They surrounded me and started kicking me and continued calling me names. I remember one of them said 'You think you're a man wena stand up and fight!' I could not do anything. This went on for a couple of minutes. It was terrible. I only managed to stand up through God’s mercy. But one of them continued slapping me and hitting me with fists while the other one attempted to throw a stone at my face. Fortunately, I noticed I managed to block the stone from hitting my face with my left hand but my thumb was hurt and was seriously bleeding.

At that time my friends decided to come back for me but when the group of attackers saw this they went after them. My friends ran away again and the bashing continued. I started running and that is how I escaped from one of the guys. The other three came back and all I could think of was that they were going to finish me off. But I told myself going back was not an option. I went to my friend’s place.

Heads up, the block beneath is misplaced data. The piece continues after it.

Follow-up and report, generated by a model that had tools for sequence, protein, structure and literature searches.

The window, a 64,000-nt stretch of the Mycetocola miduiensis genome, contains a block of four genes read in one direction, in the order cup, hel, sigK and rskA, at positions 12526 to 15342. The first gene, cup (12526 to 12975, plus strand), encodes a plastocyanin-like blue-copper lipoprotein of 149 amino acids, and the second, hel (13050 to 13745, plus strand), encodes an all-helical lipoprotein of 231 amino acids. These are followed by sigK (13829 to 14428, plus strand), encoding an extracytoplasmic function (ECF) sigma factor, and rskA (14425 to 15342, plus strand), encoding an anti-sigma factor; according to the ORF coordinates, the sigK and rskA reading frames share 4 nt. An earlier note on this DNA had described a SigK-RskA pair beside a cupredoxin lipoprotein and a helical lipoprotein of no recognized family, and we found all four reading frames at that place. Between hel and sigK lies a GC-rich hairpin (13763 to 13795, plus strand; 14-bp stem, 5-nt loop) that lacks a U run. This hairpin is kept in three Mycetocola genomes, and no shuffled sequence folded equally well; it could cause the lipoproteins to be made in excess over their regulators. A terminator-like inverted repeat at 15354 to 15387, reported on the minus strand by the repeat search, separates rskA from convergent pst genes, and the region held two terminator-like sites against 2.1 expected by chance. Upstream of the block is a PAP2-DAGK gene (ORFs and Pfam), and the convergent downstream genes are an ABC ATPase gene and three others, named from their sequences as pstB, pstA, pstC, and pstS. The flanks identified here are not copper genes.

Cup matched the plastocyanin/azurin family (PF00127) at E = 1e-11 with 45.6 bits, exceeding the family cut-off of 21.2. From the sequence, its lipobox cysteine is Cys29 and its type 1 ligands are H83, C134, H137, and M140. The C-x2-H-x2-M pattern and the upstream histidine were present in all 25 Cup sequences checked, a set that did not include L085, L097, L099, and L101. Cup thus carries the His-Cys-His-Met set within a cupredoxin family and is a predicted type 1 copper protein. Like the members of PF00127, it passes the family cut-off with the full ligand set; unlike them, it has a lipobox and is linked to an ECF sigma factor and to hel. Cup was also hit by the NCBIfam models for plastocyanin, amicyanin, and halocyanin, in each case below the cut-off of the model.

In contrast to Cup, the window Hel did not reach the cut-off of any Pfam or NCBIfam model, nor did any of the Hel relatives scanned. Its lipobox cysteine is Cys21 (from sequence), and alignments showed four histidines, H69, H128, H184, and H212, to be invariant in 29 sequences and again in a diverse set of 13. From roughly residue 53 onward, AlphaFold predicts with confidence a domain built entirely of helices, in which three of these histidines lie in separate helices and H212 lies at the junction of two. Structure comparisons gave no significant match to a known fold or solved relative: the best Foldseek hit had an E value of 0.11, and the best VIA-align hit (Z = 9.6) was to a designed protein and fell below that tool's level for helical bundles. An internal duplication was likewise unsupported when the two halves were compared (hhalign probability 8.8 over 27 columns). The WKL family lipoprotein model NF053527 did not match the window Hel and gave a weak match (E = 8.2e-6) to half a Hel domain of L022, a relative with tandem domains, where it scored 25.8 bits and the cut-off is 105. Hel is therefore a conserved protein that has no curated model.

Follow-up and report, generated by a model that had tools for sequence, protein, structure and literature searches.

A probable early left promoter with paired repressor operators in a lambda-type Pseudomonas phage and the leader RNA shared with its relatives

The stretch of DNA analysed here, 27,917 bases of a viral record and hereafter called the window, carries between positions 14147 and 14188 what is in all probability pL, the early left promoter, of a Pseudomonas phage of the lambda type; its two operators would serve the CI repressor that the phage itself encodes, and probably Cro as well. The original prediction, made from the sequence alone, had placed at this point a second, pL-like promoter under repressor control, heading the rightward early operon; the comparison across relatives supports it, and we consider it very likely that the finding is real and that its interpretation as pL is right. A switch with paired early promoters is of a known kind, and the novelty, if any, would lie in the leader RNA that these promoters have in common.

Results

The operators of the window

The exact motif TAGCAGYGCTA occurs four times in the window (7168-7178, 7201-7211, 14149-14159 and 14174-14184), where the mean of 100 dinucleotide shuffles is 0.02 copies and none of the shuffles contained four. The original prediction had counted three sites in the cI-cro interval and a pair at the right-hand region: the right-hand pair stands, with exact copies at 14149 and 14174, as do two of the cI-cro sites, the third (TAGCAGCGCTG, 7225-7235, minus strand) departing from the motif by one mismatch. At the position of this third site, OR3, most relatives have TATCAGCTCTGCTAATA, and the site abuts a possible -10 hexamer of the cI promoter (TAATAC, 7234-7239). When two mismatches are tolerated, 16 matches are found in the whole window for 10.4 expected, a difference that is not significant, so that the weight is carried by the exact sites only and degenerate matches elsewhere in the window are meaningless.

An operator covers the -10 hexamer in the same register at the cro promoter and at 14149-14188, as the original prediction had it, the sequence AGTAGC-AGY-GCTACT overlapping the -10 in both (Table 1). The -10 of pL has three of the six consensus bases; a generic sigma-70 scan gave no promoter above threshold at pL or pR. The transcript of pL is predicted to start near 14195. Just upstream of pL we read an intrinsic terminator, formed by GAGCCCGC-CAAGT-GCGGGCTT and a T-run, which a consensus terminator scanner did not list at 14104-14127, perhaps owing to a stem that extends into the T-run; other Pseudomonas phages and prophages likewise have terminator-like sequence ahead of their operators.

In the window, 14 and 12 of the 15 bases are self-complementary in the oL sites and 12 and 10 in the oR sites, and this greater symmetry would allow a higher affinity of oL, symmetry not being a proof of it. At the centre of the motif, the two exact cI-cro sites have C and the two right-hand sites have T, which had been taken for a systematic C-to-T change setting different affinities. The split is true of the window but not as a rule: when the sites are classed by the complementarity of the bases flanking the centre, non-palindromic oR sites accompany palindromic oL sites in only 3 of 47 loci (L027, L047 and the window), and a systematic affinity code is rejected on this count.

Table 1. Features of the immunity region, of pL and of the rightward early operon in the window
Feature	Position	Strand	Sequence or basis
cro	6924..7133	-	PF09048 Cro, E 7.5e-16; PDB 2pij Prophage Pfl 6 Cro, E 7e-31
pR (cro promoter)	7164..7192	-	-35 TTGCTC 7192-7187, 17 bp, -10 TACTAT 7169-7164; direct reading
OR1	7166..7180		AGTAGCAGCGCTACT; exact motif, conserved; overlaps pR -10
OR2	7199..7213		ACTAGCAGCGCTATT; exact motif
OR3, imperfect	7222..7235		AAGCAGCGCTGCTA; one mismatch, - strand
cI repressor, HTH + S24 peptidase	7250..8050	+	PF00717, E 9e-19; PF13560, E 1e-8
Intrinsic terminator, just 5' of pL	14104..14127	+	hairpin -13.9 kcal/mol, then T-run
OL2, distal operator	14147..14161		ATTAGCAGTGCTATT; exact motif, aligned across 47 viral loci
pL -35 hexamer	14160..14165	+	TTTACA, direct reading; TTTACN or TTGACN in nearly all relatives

By then I was in I was in so much pain; my hand was bleeding, my head had a bump and my shoulder was in serious pain. In fact my whole body was bruised. I felt the worst pain around my breast because it had only been about eight months from the time I had got an operation. This was accentuated by the fact that I had fallen flat on face and kicked, all of which had an effect on my stitch. I cried like a baby. All my friends could say was 'sorry' for there was nothing else that they could do for me.

They finally managed to make me calm down and we went to the nearest police station. As we walked I kept on looking back because I felt as if those guys were coming back to attack me. I was really scared. It was a long walk to the police station but we finally got there. We sat for a couple of hours before we were attended to, only to find out that we were in the wrong police station and was supposed to have gone to a different police station De Deur police station instead of Evaton police station we had come to. They took us there."